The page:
(cba:news) stars for july-aug

Joe Patterson jop at astro.columbia.edu
Tue Jul 26 09:16:56 EDT 2011

Dear CBAers,

Sorry for my long silence.  While on vacation I had some minor injuries 
falling on the rocks in Maine (arms, hands, fingers - made typing a tad 
difficult).  You don't notice the cold of the water so much when you're 
dumped unceremoniously into it.  But it was otherwise a fine vacation!

CBA data has also slowed, partly due to the summer monsoon in the 
southwest USA, except for Berto and Tut Campbell/George Roberts, who are 
unstoppable.  We are still trying to track V1432 Aql, a fine target with 
lots of action and an eclipse.  It's an "asynchronous polar", with Prot 
and Porb slightly difference - and with the difference (allegedly)
slightly decreasing with time.  This process of "relocking" magnetic 
white dwarfs is a fascinating piece of physics, which it's up to 
observers to constrain.  That would be us.  Unlike most of our targets, 
there's no great advantage in every-night coverage.  Occasional visits 
spread out over the observing season are fine.  The beat period is 50 
days, so every 5th day gives good definition of this cycle... and we'd 
like to get 2 cycles (100 d) during a season.

V1432 Aql was once a mega-celebrity object, thought to be the only AGN 
with a strict period.  Then a CV was found right next to the AGN; the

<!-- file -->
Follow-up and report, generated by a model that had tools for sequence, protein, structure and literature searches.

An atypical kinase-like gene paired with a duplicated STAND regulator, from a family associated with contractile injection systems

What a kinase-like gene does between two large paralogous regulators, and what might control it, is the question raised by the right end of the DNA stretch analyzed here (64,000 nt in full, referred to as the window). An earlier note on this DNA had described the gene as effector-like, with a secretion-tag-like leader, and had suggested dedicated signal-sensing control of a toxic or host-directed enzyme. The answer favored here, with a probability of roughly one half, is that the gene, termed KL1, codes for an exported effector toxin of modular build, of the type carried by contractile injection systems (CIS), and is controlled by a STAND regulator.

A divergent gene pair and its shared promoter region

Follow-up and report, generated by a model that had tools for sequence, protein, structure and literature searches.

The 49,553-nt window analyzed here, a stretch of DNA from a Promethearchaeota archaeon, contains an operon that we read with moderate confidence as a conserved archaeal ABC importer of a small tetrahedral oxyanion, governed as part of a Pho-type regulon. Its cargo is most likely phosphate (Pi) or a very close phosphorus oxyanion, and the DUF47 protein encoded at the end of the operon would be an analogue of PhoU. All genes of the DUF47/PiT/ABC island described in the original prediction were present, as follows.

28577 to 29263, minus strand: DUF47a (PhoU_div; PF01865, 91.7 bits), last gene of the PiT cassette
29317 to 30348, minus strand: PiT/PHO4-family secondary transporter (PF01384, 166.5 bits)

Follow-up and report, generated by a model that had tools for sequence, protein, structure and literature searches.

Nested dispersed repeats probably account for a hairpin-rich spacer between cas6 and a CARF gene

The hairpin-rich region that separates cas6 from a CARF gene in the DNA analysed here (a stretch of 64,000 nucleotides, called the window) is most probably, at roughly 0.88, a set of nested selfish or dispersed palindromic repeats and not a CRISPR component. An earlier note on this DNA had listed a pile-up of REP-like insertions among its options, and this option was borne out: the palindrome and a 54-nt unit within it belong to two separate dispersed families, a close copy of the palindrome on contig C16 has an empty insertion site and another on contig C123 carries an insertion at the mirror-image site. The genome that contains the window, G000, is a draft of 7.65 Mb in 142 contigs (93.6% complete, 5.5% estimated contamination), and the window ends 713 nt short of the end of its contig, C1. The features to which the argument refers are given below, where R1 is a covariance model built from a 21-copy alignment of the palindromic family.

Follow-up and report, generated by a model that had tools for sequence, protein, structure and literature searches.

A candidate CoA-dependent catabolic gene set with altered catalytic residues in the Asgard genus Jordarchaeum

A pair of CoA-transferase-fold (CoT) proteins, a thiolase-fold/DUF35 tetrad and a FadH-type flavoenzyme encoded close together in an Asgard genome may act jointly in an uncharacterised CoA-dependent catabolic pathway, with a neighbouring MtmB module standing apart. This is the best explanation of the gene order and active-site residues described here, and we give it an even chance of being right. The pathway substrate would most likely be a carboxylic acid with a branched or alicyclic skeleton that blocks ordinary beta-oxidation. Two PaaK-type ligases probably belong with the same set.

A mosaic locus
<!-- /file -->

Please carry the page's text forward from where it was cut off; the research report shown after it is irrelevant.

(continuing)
AGN was greatly demoted in status, but the newly-discovered CV became a 
minor celebrity in its own right, because it joined a really tiny class 
of CVs, and became instantly the best-observed such object (partly 
because of all the prior data taken under the AGN banner).

V1974 Cyg, was an even greater celebrity, called "the nova of the 
century" (1992).  I think it probably deserves this title, though it's a 
touch unfair since soft X-ray and infrared detectors didn't get a peek 
at the great novae of yesteryear.  Anyway, it's still hanging in there 
around 16th magnitude, flashing definite superhumps.  This is a somewhat 
challenging star (faint, crowded field), but still accessible to many 
CBA scopes.  Great target if you're up for something hard (good sky and 
telescope conditions needed).

The other two old novae we're trying to put to bed for the year (and 
finish papers on) are V1494 Aql and V4743 Sgr.  Also around 16th mag, 
and both with strict - well, probably strict - periodic variations. 
Along with V1974, each of these stars would reward *intense* study - 
long observations spaced over consecutive (as close as possible) nights.

As usual, I'm hungry for time series of DQ Her stars.  V1223 Sgr is an 
easy target but has been neglected this for the past 2-3 years.  V2069 
Cyg needs some help, as does RX2133+51 and V2306 Cyg.  All highly 
seasonal.  In the morning sky, IGR0023+61 and V709 Cas (tough target, 
low pulse amplitude).  These targets are basically suitable for
once-every-few-nights, though would somewhat profit from one denser data 

Finally, there's V455 And - the star that never fails to delight (but 
also never relaxes enough that you feel it's time to write the paper).
Can you possibly get 15 s time resolution on this 16th mag star?  If you 
can, I'd be eternally grateful!  (For the data, not just that you could 
do it.)

Enrique de Miguel is spending the summer with me in NYC, and Jeremy 
Shears is visiting both of us next week.  Good opportunity to connect 
with far-flung CBAers, even without leaving home!


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